At first, a coach will, likely, drill the move again and again in the same manner to work up to a good functional speed with growing muscle memory for the movement. Then he will introduce slight changes in the technique/combo, which are called variances (pattern variances). Which a fighter needs to be able to recognize in order to apply a technique in a real fight/sparring session, as opposed to a controlled environment (mitts).
Maybe at first you’re throwing a jab-cross combo, then slipping a jab and coming back with a cross-hook counter. Initially, you will stand in one place and work the movement. Your coach will start slowly and gradually increase speed. Then maybe he moves to the left or right as you are forced to move with your coach as you throw the combination. Eventually, your coach is throwing other combos at you and you’re throwing other combos during the mitt work session, but when he tries to fake you out with variances you’re firing that specific combo at lightning speed, while minimizing mistakes that could occur if you were facing another fighter. For more about patterns and variance, click here.
The second main benefit of mitts is it gives the coach a lot of one-on-one time to perfect mistakes and to work on new techniques. Being face-to-face with a fighter for 20-30 minutes (more or less) while she punches again and again gives a lot of time for minor adjustments and improvements. The same can be done while watching a fighter hit a bag, just as easily, but mitts allows for a coach to help improve technique while variances are introduced to a pattern/movement.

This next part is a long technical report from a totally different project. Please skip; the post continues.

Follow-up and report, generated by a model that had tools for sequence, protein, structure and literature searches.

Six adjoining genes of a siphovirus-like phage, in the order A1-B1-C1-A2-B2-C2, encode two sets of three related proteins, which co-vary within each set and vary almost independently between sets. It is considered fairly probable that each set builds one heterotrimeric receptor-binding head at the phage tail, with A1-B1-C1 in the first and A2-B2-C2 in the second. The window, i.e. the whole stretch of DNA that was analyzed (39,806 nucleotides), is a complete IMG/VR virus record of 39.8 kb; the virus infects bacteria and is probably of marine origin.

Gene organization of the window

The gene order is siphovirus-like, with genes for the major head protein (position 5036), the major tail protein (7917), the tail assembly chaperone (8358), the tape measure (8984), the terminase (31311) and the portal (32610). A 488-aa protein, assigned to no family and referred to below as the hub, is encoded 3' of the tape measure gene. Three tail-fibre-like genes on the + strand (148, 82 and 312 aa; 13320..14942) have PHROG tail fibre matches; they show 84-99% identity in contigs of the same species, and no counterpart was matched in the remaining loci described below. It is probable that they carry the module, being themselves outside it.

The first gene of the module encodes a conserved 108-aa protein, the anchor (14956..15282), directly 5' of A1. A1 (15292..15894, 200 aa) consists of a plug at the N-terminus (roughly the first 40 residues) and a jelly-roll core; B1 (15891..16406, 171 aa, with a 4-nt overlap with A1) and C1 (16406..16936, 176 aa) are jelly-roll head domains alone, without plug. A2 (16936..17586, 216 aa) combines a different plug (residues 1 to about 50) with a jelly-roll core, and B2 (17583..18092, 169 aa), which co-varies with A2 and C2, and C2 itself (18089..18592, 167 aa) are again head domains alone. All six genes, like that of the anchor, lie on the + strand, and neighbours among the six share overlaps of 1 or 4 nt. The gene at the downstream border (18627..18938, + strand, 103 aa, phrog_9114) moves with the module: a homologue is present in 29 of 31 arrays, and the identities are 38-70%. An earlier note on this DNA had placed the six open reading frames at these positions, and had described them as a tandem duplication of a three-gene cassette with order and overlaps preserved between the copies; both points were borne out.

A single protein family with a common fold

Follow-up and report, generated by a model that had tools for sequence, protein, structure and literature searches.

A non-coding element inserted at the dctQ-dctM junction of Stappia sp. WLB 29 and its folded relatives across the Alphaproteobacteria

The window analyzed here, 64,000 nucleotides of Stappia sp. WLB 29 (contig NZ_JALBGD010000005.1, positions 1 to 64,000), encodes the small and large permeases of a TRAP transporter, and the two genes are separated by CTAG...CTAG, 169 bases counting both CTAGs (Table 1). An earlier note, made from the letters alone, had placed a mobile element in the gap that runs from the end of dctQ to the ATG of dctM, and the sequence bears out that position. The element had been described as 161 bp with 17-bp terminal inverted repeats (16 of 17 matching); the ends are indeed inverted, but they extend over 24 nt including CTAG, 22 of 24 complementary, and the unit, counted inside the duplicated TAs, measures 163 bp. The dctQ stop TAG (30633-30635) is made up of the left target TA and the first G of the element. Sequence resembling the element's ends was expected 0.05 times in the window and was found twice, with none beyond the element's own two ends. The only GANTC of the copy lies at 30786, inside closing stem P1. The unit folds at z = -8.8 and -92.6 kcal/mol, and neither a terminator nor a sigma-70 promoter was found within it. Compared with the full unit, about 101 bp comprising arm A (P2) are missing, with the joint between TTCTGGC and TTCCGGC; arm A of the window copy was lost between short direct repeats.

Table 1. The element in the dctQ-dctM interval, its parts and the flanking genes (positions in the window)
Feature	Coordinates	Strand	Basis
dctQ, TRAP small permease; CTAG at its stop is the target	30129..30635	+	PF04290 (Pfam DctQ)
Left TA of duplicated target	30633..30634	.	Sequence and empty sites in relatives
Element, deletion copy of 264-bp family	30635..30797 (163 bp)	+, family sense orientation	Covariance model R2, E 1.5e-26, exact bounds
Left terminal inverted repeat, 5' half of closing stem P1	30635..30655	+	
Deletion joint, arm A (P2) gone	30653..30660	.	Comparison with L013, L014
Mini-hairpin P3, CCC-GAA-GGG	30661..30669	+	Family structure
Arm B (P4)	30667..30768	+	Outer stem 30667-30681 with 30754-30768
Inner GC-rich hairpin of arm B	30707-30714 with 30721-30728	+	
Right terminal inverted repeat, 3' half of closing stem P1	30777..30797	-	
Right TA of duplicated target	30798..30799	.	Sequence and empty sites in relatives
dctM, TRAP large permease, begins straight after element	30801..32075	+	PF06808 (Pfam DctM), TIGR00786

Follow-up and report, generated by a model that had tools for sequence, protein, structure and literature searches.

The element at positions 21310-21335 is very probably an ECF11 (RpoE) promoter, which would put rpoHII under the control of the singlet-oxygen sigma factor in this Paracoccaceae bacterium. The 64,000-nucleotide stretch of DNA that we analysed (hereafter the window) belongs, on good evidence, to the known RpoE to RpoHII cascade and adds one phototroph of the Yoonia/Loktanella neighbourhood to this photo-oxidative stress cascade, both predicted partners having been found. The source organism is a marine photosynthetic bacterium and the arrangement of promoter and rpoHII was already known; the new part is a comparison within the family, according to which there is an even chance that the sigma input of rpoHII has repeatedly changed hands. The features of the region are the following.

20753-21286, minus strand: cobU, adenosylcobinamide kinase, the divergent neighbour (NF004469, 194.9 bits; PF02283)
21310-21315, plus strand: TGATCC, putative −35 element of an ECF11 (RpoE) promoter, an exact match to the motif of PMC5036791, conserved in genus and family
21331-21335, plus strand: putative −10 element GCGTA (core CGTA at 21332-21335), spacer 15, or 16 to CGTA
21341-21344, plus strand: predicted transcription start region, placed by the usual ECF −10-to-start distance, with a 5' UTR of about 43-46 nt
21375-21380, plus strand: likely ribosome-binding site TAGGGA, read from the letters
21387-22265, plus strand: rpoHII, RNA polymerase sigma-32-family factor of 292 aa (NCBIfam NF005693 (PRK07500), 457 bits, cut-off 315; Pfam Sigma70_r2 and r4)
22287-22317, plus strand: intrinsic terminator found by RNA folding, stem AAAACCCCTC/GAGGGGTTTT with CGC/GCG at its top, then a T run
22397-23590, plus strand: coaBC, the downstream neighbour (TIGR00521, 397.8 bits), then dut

Third, there’s the cardio aspect of mitts. When you hit a bag, you are on your own time and dictate the speed, power, timing of attacks and energy expenditure in your combinations. Mitts work forces you to move at somebody else’s speed. It forces you to work off of somebody else’s timing. That is much more tiring than most bag work will be. And a coach can yell at you and call you all sorts of names (or other motivations) to push you out of your comfort zone and train harder than you would have.
In conclusion, I want to introduce an exercise that our head boxing coach, Alan Viers (IG: @aviersbkb) told me about (follow him here). He said, go watch any high level boxing fight (it would work for kick boxing/Muay Thai too). Now watch how many punches are thrown at a time in any given combo. Chances are you’re going to see one to two punch combos most of the time. Every few combos you’ll see a three punch combo. And less commonly, you’ll see a four to five punch flurry—usually if a fighter is hurt or covering up, but usually not when he’s on guard in a fighting stance. The second part of the exercise is to watch any high level fighter hit mitts/pads—pull up a youtube video on your phone. Now cover the top of your screen, so you can only see their feet. Watch how they’re not hoping all over like kids playing hopscotch. They’re moving their feet, but watch how controlled and minimal it is. Each step is important, but the better they are, the smaller the movement is. Precision is key. Big isn’t always better. Flashy isn’t always better. Trick plays are good on the football field every once in a while, but games are won running the ball up the middle for a gain of four yards one play at a time.